עודכן ב: 1 נוב 2018
So it seems that I have unearthed the original and long forgotten structure inherent to the Torah...I have dug up the metaphorical Ark of the Covenant. Arguably, its more important than that - the Ark is only a relic - an artifact and representative of the Torah. This is the real thing, the 80,000 word book that changed the world. When seen within the framework of the original structure beautiful things emerge.
Book of Numbers?
At the core of the structure are patterns of eight and thirteen and their multiples. By contrasting those numbers with the primary numbers of the pagan world - seven and twelve, the Torah is layered with subtext and meaning.
People have been put off by biblical numerology and "gematria" is a dirty word in many circles. But there are two things to recall: First, the people who received the Torah way back when, had no numerals beyond the 22 letters - the letters were numbers for them and when they saw the word יד they saw 14 subtextually - the Torah is layered with subtext directed at its original audience, for them this wouldn't have even been subtext - it would have jumped out of the page in every word.
Second, numbers are the ultimate form of abstraction and are fundamental to the world - could God have created a world where Pi had some other value? You see how that question is unsettling? That is because understanding God and understanding numbers are the same species of problem. They are both invisible abstractions (from the human perspective) that permeate all existence and without whom nothing would be able to exist. God is numbers - he is Rishon. That's why the first word of Torah is a number בראשית which is the ordinal form of one - ordinal numbers being an abstraction of an abstraction.
In the book I will argue, inter alia, that the Torah could have only been accepted in the very specific situation that existed among the nomads of the ancient Levant. A phonetic alphabet accessible to nomads - not just city people and elites - and the ability to use numbers abstractly are prerequisites for being able to understand an abstract God and allowing a disparate nomadic people to coalesce as a nation under His law.
Numbers are also the ultimate metaphorical device. Consider the Talmudic dictum "the Torah is like water". In many ways the analogy works: it nourishes, flows from on high, purifies, and so on. But there are many ways where water is not like Torah - you can't use Torah to wash the dishes and Torah doesn't freeze. Not so numbers - they have none of that baggage - only their essence. We decide what they are bring used as code for.
Finding the pattern
I first noticed the pattern in Deuteronomy and realized that it extended across the whole Torah - this is a brief summary of the journey:
Thirteen always represents "recognition of the unity of God" and eight represents "transcendence of the natural order through covenant with God."
These are not my suppositions, but those of many greater minds than myself. (The Rabbi who was closest to both sides of my family Solomon Sassoon was also the world expert on these two numbers - http://judaicseminar.org/general/numbersymbolism.pdf ).
It's my baby so I naturally think it very beautiful, and hope that when others agree they are not just being polite, like I am when I meet other peoples babies. Here it is:
I first realized that Devarim was fourteen sections - or thirteen with an addendum about the death of Moses. This had not been noticed before as far as I could determine. Would the same apply to Bereshit I wondered? Well, there seemed to be nine clear distinct narratives up to Abraham, and then Issac, Jacob and Joseph. This was twelve - it didn't work.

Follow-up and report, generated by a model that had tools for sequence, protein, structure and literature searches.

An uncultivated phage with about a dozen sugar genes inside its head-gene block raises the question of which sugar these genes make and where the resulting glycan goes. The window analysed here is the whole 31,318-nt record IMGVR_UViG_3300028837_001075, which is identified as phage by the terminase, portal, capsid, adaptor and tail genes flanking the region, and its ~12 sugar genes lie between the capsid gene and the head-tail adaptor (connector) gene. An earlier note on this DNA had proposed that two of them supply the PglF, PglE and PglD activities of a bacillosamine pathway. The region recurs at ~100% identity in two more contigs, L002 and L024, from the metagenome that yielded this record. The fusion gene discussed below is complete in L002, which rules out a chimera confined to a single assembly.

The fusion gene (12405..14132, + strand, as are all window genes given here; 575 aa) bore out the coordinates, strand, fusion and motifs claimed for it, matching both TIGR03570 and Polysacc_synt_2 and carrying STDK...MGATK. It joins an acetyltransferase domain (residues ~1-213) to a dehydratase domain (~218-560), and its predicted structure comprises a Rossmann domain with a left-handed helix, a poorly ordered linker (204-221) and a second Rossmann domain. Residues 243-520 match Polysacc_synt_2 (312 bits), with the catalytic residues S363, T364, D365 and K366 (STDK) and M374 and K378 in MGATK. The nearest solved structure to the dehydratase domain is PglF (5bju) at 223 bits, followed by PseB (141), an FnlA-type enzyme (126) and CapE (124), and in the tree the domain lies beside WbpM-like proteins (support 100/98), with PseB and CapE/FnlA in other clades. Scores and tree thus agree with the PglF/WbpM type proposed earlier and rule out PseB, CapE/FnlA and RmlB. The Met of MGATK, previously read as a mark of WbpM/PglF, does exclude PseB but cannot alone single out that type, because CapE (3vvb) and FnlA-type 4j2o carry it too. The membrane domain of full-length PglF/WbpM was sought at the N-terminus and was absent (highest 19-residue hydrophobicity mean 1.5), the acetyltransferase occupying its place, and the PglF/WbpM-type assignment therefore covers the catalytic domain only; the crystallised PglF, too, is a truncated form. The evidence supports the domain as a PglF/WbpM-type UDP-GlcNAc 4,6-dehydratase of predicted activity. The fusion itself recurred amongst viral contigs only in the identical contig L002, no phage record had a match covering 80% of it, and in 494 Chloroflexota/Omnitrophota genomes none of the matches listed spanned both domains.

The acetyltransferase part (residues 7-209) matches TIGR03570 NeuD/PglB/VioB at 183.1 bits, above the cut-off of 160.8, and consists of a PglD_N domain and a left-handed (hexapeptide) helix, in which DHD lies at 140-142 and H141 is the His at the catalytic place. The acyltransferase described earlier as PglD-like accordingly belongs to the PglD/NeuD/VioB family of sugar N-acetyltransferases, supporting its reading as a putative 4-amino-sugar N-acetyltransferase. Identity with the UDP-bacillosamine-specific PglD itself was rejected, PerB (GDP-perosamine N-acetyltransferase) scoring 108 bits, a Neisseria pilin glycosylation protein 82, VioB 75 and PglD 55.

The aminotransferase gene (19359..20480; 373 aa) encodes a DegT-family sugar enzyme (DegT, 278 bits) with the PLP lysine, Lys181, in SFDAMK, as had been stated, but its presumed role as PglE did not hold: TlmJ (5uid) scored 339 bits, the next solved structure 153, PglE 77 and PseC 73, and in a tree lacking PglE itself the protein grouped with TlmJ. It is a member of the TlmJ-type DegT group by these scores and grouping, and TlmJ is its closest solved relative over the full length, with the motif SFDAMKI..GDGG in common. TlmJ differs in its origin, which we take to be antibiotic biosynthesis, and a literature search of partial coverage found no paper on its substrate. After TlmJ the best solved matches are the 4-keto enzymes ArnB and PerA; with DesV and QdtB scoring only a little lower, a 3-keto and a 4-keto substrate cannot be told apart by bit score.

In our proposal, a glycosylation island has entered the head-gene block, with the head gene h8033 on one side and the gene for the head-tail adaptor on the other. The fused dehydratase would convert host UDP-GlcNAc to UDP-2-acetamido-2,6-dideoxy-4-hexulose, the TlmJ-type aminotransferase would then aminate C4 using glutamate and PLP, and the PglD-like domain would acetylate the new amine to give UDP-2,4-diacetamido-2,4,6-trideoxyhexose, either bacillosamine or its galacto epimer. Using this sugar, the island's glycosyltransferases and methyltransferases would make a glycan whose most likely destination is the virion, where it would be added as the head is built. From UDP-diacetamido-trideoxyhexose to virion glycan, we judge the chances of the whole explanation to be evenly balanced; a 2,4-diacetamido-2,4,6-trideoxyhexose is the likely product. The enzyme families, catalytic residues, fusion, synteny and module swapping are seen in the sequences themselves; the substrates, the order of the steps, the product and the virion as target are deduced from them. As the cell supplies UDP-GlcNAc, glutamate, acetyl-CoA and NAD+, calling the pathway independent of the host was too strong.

I forgot about the pattern. At some point I stumbled upon the Sassoon article and became aware of the way the Torah is coded for meaning with number symbolism and the meaning of thirteen and eight and their multiples.
I looked back at my notes for Devarim and realized that I had made a list of all the laws in what I calling "section VI: Moshe's Law Speech": there were 80 - so it seemed thirteen sections with an eighty buried inside. Then I looked back at Bereshit and suddenly understood - it was thirteen - Abram and Abraham are separate sections, the Torah goes to great lengths to separate them to show the distinction between covenantal and non-covenantal man.
Shemot and Vayikra neatly parsed out into thirteen sections each - but Bamidbar was a problem. There seemed to be nearly thirty discrete elements. I came back to the sketch I mad made after some time and remembered those weird backwards "nuns" in Parashat Behalotecha. (Numbers 10.35)
I recalled learning that they were a separate book (describing the history that could have been had the people not sinned) dividing Bamidbar into three separate books in total. I rearranged the grid. I could sort of shoehorn the two halves into thirteen sections each, but the first was loose and the second half too dense - I wasn't happy - my theory had failed. I noticed though that it would have been perfect. The Torah would have had a total of 80 parts...Rabbi Sassoon would have been delighted.
I tried reordering Bamidbar strictly based on content alone - this gave me two books - one on either side of the nuns. Ten in the first, sixteen in the second - this did give a total of eighty, but the pattern was broken - I gave up.
The final revelation came while waking up from a dream. The first three books were thirteen sections each, that's 39, plus ten for the fourth book is 49. Then the "nuns" section was 50 and then 16 and 14 more....wait! .... "The nuns section was 50"...Nun means 50! And if I was an ancient scribe who wanted to mark a sectional waypoint in the Torah how would I do it? The only number system I have is based on the letters - so I can't use them - they will be misunderstood as text. The only way to do it is to write them as obtusely as possible - say, upside down....or backwards.
I pored over my notes and realized that Bamidbar was actually three main books with ten, eight and eight sections. Elegantly, each was set in a different location, the first in Sinai, the second in Paran and the third in Arvot Moav.
The Torah had revealed its secret structure - 80,000 words, 8 books, 80 sections - with fractal patterns of 8 and 13 everywhere.
If my theory was correct then clearly it was important - if true it could enable a paradigm shift in the understanding and study of the most studied 80,000 words humanity possesses. I realized that I had to publish. Publishing a book on Torah was not something I had ever considered to in my future.